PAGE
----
ll-time-highs and broken records are
usually the stuff of happy headlines, but some recent headlines
have been more ominous than happy because they report the national
average price of gasoline hit a record $1.75 per gallon and was
still heading north last week.
Of course, this is an average. According to AAA, prices have not
reached record levels all over.
But rising gas prices are a double-edged sword for travel at any
time. High prices at the pump can sometimes get people out of the
family car and into airplanes, cruise ships and motorcoaches, but
many hospitality firms and tourist attractions depend on the drive
market, too. Also, the same forces that put upward pressure on
gasoline prices are working their magic on jet fuel and other forms
of energy, making things tough all over.
The one thing we don't want is for things to be tough all over,
once again. So if conserving energy will help bring prices down, by
all means, feel free to conserve.
• • •
Gaining an hour, or two
ost of us in the U.S. just did
our annual "spring forward" thing, advancing our clocks as if
reaching ahead for summer, grabbing more of the sun. We appreciate
the extra light because it allows us more time to be out and about.
For the travel business, that can't be bad.
But lest we forget, there is an energy issue here, too. The very
idea of what we now call daylight-saving time is said to have
originated with the ever-thrifty Benjamin Franklin, who figured out
that advancing the clock in summer would conserve candle wax.
Three decades ago, during the energy crisis, daylight-saving
time was extended throughout most of 1974 and 1975 and, in both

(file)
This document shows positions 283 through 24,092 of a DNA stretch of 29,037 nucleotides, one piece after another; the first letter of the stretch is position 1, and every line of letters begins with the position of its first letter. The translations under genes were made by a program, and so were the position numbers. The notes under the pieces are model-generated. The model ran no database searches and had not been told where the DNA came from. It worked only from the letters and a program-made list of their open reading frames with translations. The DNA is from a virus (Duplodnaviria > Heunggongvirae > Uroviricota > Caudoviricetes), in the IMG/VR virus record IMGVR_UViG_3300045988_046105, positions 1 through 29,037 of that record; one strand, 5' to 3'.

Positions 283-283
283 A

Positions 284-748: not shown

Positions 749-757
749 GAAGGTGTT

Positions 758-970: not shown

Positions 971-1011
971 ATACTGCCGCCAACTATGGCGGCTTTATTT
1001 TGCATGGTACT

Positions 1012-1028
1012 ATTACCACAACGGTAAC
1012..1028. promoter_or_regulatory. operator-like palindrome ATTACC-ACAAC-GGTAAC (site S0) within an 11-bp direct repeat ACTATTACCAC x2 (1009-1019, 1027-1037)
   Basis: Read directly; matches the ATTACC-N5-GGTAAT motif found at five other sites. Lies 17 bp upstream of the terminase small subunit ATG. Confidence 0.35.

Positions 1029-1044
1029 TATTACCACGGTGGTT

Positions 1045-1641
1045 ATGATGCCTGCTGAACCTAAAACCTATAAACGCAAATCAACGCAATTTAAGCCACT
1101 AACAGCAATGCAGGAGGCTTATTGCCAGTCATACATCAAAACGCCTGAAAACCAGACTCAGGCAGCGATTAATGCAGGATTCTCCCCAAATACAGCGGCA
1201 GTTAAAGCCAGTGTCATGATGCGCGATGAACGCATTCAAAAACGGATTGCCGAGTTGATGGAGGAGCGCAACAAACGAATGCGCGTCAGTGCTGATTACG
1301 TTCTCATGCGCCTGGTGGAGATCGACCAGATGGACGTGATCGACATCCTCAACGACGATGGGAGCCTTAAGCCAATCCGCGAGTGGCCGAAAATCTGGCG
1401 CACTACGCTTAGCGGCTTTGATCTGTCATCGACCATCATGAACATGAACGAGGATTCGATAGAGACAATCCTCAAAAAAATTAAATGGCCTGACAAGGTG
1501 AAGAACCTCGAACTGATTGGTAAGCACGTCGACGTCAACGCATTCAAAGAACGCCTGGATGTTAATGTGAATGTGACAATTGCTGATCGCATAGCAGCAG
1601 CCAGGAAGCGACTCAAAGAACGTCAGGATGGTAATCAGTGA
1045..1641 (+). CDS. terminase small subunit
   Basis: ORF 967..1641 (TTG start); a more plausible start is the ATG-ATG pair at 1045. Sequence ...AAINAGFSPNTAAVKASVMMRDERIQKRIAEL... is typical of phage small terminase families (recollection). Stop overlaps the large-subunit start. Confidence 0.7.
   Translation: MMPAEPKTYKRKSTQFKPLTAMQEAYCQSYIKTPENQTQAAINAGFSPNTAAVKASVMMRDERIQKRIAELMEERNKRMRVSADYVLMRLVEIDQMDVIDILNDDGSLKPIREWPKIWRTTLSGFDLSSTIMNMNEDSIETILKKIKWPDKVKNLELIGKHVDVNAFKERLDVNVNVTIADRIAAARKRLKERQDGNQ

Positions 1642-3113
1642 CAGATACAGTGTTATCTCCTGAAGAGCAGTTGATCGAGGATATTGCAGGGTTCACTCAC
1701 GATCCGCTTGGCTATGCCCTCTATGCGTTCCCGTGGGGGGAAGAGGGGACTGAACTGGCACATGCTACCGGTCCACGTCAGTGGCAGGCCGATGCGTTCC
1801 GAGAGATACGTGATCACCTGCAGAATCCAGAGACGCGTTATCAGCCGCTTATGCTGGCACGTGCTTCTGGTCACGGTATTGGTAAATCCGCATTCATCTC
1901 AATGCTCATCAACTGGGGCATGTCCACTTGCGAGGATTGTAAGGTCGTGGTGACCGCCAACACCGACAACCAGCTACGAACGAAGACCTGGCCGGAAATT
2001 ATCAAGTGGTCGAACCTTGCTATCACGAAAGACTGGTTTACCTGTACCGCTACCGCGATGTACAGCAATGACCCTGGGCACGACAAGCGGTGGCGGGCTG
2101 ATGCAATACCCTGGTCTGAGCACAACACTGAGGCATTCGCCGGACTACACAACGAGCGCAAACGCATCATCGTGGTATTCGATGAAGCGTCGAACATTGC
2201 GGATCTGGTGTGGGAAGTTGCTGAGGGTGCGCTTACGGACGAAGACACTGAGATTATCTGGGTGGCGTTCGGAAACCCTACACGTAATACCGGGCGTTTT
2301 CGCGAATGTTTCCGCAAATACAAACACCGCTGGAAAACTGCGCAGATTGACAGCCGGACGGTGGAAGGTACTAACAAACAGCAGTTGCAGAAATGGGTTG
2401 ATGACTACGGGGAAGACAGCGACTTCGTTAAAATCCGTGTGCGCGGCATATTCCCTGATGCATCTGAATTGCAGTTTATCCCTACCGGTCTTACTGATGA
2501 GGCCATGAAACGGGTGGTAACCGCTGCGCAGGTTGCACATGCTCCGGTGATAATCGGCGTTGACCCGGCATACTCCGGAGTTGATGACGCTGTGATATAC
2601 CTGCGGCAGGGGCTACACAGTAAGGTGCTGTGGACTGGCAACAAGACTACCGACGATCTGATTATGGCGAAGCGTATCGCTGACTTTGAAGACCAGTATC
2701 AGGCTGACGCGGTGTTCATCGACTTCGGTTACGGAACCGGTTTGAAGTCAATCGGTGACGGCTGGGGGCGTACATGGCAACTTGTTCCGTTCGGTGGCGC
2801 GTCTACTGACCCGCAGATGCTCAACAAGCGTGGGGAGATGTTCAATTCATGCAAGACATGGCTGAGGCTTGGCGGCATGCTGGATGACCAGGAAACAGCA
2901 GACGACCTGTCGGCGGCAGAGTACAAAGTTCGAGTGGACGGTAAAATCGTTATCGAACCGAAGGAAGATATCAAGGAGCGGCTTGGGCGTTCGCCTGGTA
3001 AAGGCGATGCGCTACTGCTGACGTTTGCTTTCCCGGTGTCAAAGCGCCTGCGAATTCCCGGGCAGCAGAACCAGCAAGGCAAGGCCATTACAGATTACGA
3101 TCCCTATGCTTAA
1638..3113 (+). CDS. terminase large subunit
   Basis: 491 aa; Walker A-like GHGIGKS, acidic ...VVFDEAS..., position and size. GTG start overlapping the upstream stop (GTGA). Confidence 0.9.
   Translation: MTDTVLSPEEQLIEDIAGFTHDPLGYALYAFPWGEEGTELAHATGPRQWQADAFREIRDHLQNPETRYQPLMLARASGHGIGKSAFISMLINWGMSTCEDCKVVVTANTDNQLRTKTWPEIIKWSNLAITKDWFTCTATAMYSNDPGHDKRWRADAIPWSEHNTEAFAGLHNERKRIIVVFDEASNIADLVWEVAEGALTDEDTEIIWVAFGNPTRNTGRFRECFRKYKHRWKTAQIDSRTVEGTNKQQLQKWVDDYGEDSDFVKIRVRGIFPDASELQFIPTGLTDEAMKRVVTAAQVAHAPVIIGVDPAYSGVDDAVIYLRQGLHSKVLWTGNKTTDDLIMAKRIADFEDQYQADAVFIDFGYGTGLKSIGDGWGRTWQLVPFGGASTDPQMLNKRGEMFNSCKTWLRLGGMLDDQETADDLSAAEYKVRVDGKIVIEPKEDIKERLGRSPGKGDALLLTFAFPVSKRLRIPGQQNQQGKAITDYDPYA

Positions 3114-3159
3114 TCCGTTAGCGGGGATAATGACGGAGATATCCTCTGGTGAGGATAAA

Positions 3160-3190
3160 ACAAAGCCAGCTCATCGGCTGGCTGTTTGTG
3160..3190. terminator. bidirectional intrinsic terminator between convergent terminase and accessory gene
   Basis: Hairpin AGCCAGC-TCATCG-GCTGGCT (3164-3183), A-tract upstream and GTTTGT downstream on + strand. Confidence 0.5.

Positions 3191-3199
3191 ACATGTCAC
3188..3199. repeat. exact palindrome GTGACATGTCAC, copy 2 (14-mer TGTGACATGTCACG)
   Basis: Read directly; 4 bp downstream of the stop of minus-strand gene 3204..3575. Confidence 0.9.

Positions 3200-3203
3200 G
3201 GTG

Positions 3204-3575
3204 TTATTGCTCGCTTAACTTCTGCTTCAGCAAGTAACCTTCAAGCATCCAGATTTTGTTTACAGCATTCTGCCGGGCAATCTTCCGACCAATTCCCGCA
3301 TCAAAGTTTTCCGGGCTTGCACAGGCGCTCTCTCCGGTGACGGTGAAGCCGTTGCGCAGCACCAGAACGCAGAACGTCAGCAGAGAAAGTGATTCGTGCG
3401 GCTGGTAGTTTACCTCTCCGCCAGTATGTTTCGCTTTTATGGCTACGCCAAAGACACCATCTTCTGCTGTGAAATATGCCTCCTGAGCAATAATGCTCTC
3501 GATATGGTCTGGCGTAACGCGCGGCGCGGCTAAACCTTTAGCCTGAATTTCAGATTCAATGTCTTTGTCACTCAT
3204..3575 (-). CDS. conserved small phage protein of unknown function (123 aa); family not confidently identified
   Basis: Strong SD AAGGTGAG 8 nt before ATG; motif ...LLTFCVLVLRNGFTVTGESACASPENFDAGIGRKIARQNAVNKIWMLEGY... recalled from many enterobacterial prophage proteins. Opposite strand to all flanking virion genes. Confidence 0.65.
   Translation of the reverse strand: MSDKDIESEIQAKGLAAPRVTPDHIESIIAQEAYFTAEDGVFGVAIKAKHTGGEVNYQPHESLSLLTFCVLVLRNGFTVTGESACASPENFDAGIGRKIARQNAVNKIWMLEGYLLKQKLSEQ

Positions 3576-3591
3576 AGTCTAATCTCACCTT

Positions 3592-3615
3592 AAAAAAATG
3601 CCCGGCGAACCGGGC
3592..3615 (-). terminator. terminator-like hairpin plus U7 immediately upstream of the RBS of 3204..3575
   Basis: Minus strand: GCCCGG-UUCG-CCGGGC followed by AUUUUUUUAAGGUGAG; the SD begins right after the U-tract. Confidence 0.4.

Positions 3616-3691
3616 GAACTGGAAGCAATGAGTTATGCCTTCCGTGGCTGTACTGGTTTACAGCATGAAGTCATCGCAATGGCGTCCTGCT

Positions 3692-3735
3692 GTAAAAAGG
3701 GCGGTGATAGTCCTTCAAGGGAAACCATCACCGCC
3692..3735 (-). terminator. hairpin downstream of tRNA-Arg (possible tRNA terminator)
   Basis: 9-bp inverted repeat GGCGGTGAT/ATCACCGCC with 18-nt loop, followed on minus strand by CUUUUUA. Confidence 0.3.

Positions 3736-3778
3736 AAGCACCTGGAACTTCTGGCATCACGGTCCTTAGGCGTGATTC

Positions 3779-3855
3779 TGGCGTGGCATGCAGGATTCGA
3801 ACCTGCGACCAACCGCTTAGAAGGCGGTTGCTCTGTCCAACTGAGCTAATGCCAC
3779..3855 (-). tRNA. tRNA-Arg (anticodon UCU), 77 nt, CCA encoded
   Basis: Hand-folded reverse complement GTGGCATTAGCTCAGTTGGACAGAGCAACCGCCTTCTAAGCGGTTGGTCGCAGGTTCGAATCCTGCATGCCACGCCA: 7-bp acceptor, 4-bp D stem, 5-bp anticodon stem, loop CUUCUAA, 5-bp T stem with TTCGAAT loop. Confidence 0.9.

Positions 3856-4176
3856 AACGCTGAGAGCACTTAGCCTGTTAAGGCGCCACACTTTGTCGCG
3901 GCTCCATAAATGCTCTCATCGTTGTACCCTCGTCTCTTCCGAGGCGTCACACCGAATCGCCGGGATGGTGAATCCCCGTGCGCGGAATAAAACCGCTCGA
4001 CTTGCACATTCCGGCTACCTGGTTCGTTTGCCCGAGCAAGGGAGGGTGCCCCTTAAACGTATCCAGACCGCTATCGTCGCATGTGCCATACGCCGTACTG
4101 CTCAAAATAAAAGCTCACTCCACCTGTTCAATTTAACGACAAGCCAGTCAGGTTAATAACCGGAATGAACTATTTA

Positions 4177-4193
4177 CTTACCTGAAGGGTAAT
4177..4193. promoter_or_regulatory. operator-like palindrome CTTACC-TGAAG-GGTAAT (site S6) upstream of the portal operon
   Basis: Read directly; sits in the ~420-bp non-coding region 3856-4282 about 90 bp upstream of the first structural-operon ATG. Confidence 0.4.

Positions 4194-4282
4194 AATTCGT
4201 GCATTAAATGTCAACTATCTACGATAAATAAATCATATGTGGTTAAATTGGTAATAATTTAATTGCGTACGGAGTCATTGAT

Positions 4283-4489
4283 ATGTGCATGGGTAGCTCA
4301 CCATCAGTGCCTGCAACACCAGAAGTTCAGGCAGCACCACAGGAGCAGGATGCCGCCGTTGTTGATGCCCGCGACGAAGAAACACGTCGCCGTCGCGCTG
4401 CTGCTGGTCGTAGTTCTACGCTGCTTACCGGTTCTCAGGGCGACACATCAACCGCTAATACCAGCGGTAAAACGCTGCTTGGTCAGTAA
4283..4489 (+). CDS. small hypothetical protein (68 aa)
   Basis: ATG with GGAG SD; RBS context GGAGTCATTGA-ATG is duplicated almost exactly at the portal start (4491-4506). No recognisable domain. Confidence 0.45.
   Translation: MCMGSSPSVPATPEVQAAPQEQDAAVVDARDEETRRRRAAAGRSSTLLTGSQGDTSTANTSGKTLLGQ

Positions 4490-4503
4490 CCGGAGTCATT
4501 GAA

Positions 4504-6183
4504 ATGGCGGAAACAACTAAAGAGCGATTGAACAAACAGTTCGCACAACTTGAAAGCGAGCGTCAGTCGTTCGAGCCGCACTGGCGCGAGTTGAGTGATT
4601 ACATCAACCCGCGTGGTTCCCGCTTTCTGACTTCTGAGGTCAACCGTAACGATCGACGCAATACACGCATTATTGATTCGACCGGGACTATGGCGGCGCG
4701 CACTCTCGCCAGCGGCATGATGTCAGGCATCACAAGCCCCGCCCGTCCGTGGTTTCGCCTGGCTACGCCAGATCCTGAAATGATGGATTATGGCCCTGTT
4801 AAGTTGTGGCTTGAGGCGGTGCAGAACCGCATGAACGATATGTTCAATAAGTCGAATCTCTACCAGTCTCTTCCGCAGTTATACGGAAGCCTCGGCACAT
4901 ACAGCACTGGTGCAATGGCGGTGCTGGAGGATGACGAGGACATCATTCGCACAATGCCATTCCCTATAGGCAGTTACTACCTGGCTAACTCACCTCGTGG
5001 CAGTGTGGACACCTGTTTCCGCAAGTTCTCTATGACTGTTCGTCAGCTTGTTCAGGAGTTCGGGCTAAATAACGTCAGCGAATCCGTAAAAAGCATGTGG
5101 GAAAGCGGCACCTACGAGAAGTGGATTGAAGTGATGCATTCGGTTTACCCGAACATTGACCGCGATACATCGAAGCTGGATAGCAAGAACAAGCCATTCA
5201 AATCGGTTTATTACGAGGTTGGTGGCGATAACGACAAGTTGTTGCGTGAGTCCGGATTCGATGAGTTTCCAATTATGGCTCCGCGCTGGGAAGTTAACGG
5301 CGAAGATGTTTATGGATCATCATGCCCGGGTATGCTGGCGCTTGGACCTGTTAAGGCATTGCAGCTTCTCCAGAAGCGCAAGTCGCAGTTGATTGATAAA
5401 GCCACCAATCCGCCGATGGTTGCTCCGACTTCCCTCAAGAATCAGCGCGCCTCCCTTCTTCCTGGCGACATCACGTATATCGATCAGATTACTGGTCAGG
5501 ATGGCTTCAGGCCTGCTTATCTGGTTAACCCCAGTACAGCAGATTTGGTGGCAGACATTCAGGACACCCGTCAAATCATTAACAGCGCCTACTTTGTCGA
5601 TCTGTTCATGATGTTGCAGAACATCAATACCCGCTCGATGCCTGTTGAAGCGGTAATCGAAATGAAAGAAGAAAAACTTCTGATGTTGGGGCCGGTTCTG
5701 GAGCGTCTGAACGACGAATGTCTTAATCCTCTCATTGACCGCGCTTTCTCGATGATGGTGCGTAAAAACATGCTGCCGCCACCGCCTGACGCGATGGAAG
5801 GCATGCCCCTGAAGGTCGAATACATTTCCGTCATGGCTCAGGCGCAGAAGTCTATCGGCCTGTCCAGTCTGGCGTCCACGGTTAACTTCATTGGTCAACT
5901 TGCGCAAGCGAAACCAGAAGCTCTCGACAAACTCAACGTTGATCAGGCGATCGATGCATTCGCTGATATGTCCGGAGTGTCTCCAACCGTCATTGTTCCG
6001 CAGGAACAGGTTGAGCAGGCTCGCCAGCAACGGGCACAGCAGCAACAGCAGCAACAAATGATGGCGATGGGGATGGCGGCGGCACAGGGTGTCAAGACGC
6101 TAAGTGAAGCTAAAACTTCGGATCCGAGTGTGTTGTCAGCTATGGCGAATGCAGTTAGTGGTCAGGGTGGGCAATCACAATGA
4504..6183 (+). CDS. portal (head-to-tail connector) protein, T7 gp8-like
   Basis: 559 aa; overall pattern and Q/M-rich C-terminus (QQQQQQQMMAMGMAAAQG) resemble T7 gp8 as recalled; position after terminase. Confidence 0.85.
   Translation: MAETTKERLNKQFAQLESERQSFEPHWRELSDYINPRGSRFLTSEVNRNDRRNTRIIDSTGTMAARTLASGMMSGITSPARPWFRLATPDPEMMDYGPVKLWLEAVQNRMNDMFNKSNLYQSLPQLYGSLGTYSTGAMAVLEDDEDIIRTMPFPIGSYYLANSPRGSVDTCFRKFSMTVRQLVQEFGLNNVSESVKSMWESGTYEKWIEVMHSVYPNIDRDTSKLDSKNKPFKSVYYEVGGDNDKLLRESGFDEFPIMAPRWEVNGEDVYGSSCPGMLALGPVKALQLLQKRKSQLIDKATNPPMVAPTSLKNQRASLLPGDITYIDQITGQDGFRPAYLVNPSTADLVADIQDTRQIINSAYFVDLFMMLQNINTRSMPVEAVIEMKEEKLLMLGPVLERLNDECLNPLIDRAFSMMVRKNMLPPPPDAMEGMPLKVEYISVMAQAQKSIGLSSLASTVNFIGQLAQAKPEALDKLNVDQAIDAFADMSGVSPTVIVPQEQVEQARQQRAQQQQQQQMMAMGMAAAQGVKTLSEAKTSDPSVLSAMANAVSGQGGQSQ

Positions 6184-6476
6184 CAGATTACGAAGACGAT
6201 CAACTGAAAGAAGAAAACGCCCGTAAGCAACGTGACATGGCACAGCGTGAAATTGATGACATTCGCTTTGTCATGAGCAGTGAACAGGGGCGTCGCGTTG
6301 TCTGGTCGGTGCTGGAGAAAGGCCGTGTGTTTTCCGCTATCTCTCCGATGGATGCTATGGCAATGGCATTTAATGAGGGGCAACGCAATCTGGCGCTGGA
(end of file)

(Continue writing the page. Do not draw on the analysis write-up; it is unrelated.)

years, the result was a measurable reduction in energy usage. And
three decades before that, during World War II, the U.S. set its
clocks ahead a full two hours to conserve fuel.
We're better off now than we were then. Still, having just
gained an hour, what would you think about keeping it a while
longer, or even gaining another?
• • •
he Statue of Liberty was
designed to be seen from the outside. Those who were lucky enough
to make it to the crown got a special treat, but they would likely
be the first to acknowledge that this is not a structure designed
for the mass movement of people.
The Interior Department's new plan for managing the site does
not include a resumption of public access to the interior of the
statue. This is a sad turn, but unlike some seemingly arbitrary
security rules we have seen, this decision strikes us as a prudent
move based on a sensible assessment of the statue's fire safety and
evacuation features -- or lack thereof.
In explaining the new plan, Interior Secretary Gail Norton
explained that "safety of citizens and preservation of the statue
are our main goals." So, for now, the steps will be spared the
pitter-patter of excited feet.
It's a price we'll pay, for now.